Monday, September 29, 2014

Because of Camp I...

It is with a mixture of emotions that we announce the departure of Amy Wood, who has served as the Program Services Director for Camp Magruder since February 1, 2010.  Amy tendered her resignation on September 25th and is leaving camp to pursue new opportunities.  During her years at camp, first as a camper, then as a counselor, a seasonal employee, and finally as a full-time employee, Amy touched the lives of thousands of campers through song, games (especially Sprout Ball), and laughter.  Her presence in camp will certainly be missed by those who came to know and love her.
This summer at Camp Magruder on Thursdays of week-long camps, we passed out paper and markers and gave campers time to reflect on their experiences. Then we invited campers to complete the sentence "Because of camp I..."

As Amy Wood’s time at Camp Magruder comes to a close, she leads us in some reflections based upon her own camp experiences.

Because of camp I...

  1. Learned to appreciate nature. One time the Program Director of the day led an ecology activity for the elementary school campers. We created "hiking trails" and used magnifying glasses to "hike" our trail. Do you remember the first time you looked so closely at nature and realized the inter-connectivity of it and how amazing even the smallest things are?  Remember signs above light switches all over camp, "Be a crusader and do the earth right; when you leave the room, please turn out the light." Do you take action as you leave a room? How about learning the processes of farm to table on a camp scale with composting and the garden? Perhaps most importantly, we’ve learned the value of being in nature with fewer distractions, and simply being still.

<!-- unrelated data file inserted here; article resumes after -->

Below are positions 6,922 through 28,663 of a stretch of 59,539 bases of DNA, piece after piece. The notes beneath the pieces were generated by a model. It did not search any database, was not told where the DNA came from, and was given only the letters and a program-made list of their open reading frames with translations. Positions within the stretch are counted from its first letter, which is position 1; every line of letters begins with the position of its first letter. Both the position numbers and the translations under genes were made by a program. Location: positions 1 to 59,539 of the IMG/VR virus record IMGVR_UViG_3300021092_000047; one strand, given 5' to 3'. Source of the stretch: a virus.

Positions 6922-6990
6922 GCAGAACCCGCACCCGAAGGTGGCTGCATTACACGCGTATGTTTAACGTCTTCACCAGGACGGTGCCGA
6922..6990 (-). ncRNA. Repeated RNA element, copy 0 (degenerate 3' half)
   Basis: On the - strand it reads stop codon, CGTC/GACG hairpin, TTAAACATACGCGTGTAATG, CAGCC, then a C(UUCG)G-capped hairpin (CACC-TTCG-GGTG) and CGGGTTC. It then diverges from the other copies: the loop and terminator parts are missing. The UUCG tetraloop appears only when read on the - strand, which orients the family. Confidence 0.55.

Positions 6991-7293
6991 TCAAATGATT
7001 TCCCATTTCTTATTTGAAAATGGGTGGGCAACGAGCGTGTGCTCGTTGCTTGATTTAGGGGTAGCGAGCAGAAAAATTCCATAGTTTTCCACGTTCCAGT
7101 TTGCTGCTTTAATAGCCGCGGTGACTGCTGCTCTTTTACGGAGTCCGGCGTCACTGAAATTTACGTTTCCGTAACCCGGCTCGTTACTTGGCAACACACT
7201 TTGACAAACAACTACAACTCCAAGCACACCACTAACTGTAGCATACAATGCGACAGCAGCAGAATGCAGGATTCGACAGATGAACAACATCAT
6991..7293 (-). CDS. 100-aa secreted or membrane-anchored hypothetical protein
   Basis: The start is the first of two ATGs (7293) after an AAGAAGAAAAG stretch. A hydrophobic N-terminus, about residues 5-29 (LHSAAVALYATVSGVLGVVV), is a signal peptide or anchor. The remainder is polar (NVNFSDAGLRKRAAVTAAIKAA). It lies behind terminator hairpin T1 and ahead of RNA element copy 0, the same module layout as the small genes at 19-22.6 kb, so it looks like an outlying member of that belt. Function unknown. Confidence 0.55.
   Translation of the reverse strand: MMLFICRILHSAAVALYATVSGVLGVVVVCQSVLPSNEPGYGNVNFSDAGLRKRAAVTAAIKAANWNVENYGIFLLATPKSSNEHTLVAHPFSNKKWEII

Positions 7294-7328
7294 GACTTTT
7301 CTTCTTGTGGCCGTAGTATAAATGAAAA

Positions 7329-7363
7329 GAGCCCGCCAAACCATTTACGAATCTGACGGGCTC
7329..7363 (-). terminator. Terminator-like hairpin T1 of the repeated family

2.  Learned to challenge fears and be courageous. Sometimes it takes multiple visits to camp before mustering up the courage to ride on the big swing! Later you wonder what the big deal was. Many have learned to speak in front of groups in a clear way that doesn't cause sweaty palms. Beyond public speaking, sometimes we’re called to lead and sing at the top of our lungs in front of a group. We’re challenged by countless situations where one needs to think things through, step up and take courage to make decisions for the camp community.

3. Learned to respect others. Do you remember the phrase from “Don’t Laugh at Me” – the anti-bullying training we use at camp? "For every put-down you give someone, you owe them three put-ups." It’s an approachable way to learn that we are all children of God and what we say can be incredibly hurtful. We learn that each person has joys, struggles, and a story that we may never know, but we are to meet them where they are, listen to what they have to share, and love them unconditionally. No matter what, everyone deserves respect.

4. Learned about leadership and to be a positive leader. At camp we learn how to actively listen to understand someone's needs. That leadership takes selflessness. Often leaders take more than their share of the blame and less than their share of the credit. Leadership requires goal setting, hard work, passion, and direction, being intentional with words and actions.

5. Learned about myself. At camp, we learn to be genuine in conversation and action. To let the community call out our gifts, and to be confident and trust because we often are more capable than we know. We learn to respect personal limits because we can't help others if we are worn and ragged. We learn to not take ourselves too seriously; smiling is more fun. In the end, because of camp, we learn that we are worthy of love and acceptance and that who we become matters to the world.

Friday, September 19, 2014